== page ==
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Roadgeekteen

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Re: Misbehaving during standardized tests
« Reply #102 on: January 25, 2019, 08:51:48 AM »

non-standardized tests (i.e. those drawn up and proctored by the teachers themselves, which makes up the vast majority of them) were marked up in red pen and returned same as any other homework. How is learning even possible without the ability to know what you got wrong? (If I put that the 16th president was Abraham Omaha and never get feedback that I was wrong, I'm apt to keep thinking well of good old President Omaha.) This has cumulative effects in some subjects—if you fail to comprehend certain math topics, you have no hope of understanding more advanced topics that rely on those.

When you say "marked up", do you mean the correct answer was written in?  Or just that the question was marked as wrong?

It depended on the type of assignment and the teacher:

  • Some particularly lazy teachers would just mark an X, but at least this let you look up the correct answer yourself if you wanted to take the initiative to do so. At the very least, you could approach the teacher and say "Why did I get question so-and-so wrong" and force them to justify it. If it was a marginal case, sometimes you could lawyer them into partial credit.
  • If it was multiple choice (the most common form of tests that I remember taking) the correct answer would usually be circled.
  • If it was fill in the blank or anything like that with short, definite answers, the correct one would often be written in.
  • Math teachers were generally insistent that you'd show your work; this meant that they could sometimes pick out what you did wrong and would circle the step that you got wrong. Some that taught more advanced math or science would even give you partial credit for demonstrating that you knew the process they were actually testing on, if you only got the wrong answer because you whiffed basic addition or something like that along the way.
  • Writing assignments (creative writing and essays) were generally graded with standard proofreading marks and the number of points deducted written in the margin. Some teachers would write brief remarks like "Unclear, does this refer to Caesar or Antony?" or "Contradicts what was stated in 4th paragraph" or stuff like that. I even had one English teacher that seemed to do running Roger Ebert-style commentary in the margins. I enjoyed that class because I got a good feel of her particularly dark sense of humor and writing things that she found enjoyable was a fun challenge.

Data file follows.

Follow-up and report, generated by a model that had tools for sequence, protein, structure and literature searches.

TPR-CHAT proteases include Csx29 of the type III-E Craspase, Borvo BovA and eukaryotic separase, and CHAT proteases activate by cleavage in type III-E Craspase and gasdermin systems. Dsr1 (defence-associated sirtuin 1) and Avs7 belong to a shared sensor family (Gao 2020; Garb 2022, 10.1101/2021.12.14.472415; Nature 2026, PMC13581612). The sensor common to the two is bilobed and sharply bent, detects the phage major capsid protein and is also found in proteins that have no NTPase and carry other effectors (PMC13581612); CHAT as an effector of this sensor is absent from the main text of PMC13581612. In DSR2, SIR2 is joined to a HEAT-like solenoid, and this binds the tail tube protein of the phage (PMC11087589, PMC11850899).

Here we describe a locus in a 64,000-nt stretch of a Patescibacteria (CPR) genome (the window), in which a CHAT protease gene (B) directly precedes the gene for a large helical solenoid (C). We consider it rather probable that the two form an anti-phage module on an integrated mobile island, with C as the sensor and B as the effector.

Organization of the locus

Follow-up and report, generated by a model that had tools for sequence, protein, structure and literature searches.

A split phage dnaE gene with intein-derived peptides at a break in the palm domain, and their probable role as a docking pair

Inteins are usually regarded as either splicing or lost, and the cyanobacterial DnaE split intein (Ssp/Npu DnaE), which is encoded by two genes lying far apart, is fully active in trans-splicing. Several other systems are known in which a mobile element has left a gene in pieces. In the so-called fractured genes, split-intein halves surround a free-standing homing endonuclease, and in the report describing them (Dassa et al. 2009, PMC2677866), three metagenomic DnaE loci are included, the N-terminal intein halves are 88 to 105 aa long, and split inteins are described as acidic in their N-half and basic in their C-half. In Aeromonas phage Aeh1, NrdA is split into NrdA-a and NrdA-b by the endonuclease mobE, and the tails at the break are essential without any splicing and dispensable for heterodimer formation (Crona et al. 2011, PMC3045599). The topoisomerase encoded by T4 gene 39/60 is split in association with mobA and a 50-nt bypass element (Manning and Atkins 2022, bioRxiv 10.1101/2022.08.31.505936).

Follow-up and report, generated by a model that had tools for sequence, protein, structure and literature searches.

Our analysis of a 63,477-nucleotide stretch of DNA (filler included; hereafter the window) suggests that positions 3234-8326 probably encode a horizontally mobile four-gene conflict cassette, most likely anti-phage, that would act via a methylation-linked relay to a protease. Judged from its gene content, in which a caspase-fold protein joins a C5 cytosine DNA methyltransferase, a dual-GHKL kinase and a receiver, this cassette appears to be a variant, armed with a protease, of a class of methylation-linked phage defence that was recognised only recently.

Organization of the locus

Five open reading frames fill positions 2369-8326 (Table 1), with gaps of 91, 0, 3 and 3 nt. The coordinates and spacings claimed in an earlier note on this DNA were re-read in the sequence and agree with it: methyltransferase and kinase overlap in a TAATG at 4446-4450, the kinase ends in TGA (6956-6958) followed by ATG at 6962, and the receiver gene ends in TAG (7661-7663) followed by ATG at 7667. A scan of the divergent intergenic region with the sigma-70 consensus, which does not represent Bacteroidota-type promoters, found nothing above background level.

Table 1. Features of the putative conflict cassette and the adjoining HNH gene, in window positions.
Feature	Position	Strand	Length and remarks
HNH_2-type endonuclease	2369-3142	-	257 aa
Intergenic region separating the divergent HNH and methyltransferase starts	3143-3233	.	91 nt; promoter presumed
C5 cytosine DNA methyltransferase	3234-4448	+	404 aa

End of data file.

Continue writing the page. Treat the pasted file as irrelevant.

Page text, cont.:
Almost all teachers give partial credit. Sometimes the work is worth more than the answer.
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Ben114

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Re: Misbehaving during standardized tests
« Reply #103 on: January 26, 2019, 07:45:00 PM »

In Massachusetts, Lexington and almost anywhere within 2 towns teaches students correctly.
and private schools
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GCrites80s

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Re: Misbehaving during standardized tests
« Reply #104 on: January 29, 2019, 08:31:07 PM »

When I was in the 12th grade, the entire school was taking some standardized test (don't remember which one) and that's when the school decided to bring in the drug-sniffing dogs to sniff the lockers and the cars in the student lot. Two kids got busted: a teacher's kid and a buddy of mine that is now a cop.
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Roadgeekteen

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Re: Misbehaving during standardized tests
« Reply #105 on: January 29, 2019, 09:13:15 PM »

When I was in the 12th grade, the entire school was taking some standardized test (don't remember which one) and that's when the school decided to bring in the drug-sniffing dogs to sniff the lockers and the cars in the student lot. Two kids got busted: a teacher's kid and a buddy of mine that is now a cop.